Then I did an extrude to punch the shape up and leave holes for those inside regions. Then I selected the outside edges and filleted them with a larger radius, then I selected everything and did another fillet, you'll have to wait for a minute as it tries to do the same larger radius which produces a strange result on the little pieces, stay in fillet and enter a smaller radius, like 0.05, that was more appropriate for the size of the little spoke pieces. You would probably want to make the spokes a little larger if you wanted to do a larger radius.

Was this the type of result you were looking for? Let me know if you want any more info on any particular stage.

There may be some sloppy parts in this one, I did it kind of rushed. It's kind of a heavy model because of so many little roundy bits.

- Michael

EDITED: 16 Feb 2007 by MICHAEL GIBSON

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 From:  Spinner
57.7 In reply to 57.6 
Michael,
Thank you very much.
That's really helpfull.
I guess the poly mindset had me looking to create a 45 degree pie piece, followed by iterations. Easy to find oneself in a rut.
My earlier back wall prob has slightly mislead you. The door is solid with pockets rather than cutouts between the webbing. Armed with your example, I'll see if I can construct it again with that variation, myself, and probably be back with more queries shortly. lol Either way I'll return with my results etc. They might be of help to someone out there.

I'm at a loss with that prob though. I've attached an example. It shows two lines at 90 degrees end to end, radiussed. If I then revolve from one end I get the expected cup shape.
However if I double that geometry and revolve it 180 or 360 degrees around the center, one face isnt created. I confess to being a bit vague re the start n stop points, so it's probably user error again.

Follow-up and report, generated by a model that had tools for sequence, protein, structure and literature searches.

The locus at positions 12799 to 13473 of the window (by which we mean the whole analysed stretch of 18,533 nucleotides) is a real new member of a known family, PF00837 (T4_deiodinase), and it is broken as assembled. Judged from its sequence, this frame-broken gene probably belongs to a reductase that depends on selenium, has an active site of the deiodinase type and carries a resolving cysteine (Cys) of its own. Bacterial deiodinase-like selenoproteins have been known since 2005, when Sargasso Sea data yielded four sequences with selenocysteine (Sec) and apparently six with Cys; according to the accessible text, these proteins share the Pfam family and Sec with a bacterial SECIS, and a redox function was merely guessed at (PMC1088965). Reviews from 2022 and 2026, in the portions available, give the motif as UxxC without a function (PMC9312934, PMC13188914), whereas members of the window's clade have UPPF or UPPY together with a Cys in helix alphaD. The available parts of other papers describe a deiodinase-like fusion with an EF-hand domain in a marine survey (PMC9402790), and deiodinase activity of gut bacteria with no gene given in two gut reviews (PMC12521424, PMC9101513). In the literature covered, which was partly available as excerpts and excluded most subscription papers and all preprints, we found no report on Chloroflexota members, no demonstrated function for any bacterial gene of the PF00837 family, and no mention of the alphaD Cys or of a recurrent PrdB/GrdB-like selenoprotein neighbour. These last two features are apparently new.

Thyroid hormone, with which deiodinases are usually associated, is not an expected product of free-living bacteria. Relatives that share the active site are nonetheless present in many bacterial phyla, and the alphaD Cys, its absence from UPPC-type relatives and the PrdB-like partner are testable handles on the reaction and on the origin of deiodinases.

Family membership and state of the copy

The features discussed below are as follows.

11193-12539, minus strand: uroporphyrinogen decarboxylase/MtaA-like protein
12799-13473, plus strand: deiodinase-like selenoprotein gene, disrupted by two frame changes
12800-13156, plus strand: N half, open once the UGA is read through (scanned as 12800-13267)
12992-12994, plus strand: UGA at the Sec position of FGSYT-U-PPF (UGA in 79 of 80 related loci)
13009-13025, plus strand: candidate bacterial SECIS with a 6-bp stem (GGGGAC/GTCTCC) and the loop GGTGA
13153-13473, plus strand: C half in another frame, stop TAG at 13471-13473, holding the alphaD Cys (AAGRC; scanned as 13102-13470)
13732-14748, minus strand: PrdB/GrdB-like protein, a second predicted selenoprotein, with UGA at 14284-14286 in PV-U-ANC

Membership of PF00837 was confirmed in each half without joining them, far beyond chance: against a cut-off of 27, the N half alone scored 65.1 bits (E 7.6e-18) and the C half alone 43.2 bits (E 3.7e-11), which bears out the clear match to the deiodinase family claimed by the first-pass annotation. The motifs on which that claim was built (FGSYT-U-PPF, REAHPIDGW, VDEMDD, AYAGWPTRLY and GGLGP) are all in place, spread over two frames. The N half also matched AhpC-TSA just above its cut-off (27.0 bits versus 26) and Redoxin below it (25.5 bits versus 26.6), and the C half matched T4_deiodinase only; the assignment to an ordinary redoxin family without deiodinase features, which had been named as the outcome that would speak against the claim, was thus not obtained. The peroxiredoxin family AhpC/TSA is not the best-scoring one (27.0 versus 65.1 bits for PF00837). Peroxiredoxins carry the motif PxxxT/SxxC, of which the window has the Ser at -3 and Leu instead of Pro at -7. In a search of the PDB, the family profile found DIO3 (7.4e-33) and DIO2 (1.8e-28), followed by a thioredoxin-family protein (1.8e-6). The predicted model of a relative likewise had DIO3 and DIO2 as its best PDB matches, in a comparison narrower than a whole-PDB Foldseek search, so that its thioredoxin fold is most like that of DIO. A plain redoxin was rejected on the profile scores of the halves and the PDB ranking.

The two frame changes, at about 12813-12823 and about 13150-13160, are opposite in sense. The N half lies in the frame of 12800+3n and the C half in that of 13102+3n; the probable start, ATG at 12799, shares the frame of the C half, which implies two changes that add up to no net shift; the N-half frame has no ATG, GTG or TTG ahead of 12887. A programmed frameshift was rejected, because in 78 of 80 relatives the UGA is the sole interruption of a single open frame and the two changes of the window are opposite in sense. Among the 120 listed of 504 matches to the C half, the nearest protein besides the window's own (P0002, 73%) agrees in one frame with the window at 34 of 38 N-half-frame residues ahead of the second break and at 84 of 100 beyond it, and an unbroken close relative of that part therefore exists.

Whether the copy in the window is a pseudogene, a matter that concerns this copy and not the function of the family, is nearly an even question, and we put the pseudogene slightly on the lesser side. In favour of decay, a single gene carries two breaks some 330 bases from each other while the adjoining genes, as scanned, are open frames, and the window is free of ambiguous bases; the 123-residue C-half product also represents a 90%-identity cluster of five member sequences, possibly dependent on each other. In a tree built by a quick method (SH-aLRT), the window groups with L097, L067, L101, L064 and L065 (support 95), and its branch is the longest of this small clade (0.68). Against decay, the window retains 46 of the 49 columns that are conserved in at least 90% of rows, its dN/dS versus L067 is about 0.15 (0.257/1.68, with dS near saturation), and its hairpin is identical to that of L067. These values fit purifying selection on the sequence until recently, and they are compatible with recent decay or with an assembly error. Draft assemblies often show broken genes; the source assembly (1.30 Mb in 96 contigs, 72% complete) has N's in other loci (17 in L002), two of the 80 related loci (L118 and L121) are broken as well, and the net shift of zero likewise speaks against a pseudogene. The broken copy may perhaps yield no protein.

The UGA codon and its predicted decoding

LOL It feels quite odd to be free of possable rtfm responses! Although I feel a little guilty to be consuming your time.
Thanks again!
Cheers
Spinner
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 From:  Michael Gibson
57.8 In reply to 57.7 
> The door is solid with pockets rather than cutouts between the webbing.

I see... It was a little hard to tell from the drawing.


> I guess the poly mindset had me looking to create a 45 degree pie piece, followed by iterations.

I think that one of the strategy parts that you're not used to is relying more on doing patterns with curves first, before constructing surfaces.

If you have recognizable 2D curve elements in the design, it is usually worthwhile to focus on creating those curves mostly first and build from there. This is one of the major strengths of NURBS modeling - if you have something resembling a blueprint you have a lot of power to create the blueprint exactly by drawing and trimming curves with each other.


So for doing pockets instead of holes, take the same curves and instead of extruding them all together at once, do all the inside ones first (to select all the inside ones, do a window select to grab everything and then click once on the outside one to deselect it, leaving just the inside ones selected).

This will generate a bunch of separate solid sections. Take these and go to the front view and drag them up away from the base plane. then select the outer section by itself, extrude it up so that it is halfway penetrating through those other pieces. You may now want to select the bottom curves (do this by going to the front view, and doing a window selection from the left to the right that just captures the bottom of the shape - going from left to right captures only what is strictly inside the selection window, going from right to left will show a dashed window border and will capture anything that intersects the window in any way, not only those things that are strictly contained). Hide these curves because they will get in the way a little bit. Then select the base piece, do Boolean / Difference, then select the smaller pieces. This will cut all those pieces as indents into the big piece. Now you can go in there and fillet the edges. Let me know if this doesn't make sense.


> However if I double that geometry and revolve it 180 or 360 degrees around the
> center, one face isnt created.